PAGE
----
Construction of Crudine Ridge Wind Farm could potentially involve the permanent loss of more than 70 hectares of habitat according to the developers’ environmental assessment.
Before Christmas, Wind Prospect CWP released its environmental assessment as part of the wind farm’s planning approval process. The document is open for public comment and accessible via several sources including Mid-Western Regional Council until March 13.
The wind farm’s ecological study suggests another 31.58 hectares of land could be affected temporarily during construction.
The study was conducted by Eco Logical Australia and completed in September 2012.
Removal of habitat is estimated to include the cutting of 920 hollow-bearing trees (HBT). . It is also estimated to be 4.61 per cent of the total-hollow-bearing trees in the study area.
Eco Logical Australia said in its report the clearing of trees will mainly be in areas of pasture with scattered trees, and for overhead electrical infrastructure.
“This estimate is indicative only and likely to be an over estimate as roads and turbines have been sited to avoid HBTs,” the report said.
“This clearance comprises the permanent removal of 3.69 ha of remnant woodland, 60.11 ha of derived grassland/native pasture, and 0.07 ha of low condition vegetation (predominantly exotic with some native species present).
The company said removal and or loss of some vegetation for the proposal was unavoidable.
“However, all unavoidable native vegetation clearance has been minimised and it is proposed that all remaining impacts will be offset in accordance with a quantitative assessment using “maintain or improve” principles as determined by the use of the Biobanking credit calculator,” the report said.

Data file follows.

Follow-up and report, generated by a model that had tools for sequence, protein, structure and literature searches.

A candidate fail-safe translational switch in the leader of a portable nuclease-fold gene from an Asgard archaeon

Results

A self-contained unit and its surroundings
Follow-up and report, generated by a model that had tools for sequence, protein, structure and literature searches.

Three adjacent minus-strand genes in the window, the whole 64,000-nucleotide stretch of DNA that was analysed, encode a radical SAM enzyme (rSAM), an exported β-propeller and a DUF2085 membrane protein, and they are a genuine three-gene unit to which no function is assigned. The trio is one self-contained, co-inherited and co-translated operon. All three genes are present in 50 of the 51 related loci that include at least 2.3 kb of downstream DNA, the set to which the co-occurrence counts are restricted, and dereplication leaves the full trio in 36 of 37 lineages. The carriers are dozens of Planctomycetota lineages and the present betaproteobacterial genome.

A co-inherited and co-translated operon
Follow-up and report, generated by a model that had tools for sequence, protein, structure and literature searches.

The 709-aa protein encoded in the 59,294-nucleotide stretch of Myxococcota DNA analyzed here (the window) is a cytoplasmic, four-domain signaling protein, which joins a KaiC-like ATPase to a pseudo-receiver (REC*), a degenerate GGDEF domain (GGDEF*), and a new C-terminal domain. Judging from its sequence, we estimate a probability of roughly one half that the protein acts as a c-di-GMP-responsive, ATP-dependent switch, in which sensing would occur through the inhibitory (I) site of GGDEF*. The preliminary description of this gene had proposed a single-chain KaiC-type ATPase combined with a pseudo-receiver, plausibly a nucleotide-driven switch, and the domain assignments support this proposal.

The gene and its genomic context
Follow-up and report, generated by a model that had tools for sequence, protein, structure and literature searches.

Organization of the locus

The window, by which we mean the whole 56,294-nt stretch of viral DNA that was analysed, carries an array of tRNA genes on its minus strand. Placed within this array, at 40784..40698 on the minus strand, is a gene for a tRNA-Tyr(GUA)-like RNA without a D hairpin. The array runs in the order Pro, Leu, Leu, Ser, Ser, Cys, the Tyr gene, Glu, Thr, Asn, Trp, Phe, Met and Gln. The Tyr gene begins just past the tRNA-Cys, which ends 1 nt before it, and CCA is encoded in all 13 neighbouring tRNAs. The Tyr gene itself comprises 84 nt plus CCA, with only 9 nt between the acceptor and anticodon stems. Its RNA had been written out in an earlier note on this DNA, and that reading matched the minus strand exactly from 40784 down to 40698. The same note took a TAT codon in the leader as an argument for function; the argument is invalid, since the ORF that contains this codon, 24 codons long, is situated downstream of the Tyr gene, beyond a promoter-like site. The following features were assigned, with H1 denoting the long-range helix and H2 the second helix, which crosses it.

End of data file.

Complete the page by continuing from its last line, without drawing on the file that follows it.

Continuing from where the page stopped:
“The results of the Biobank credit calculations is included in a stand-alone report and summarised in the proposed offset strategy.”
A total of 5.27 hectares of the Threatened Ecological Community (TEC) or Box Gum Woodland (BGW) would be permanently affected by the proposal and 0.11 ha temporarily impacted.
The risk of bats and birds colliding with turbines was also assessed, taking into account the behaviour, flight patterns and proximity of the turbines to roosting habitat.
In September 2012, there were five properties for sale and three properties whose owners were interested in entering into in perpetuity conservation covenants in the vicinity of the project site.
These properties are capable of meeting offset requirements for the wind farm.
If property purchases do not meet a minimum offset outcome, Wind Prospect said it would contribute funding to the Central North Livestock Health and Pest Authority or the Department of Lands for the duration of the project to assist in the management of a Travelling Stock Reserve next to the project site.
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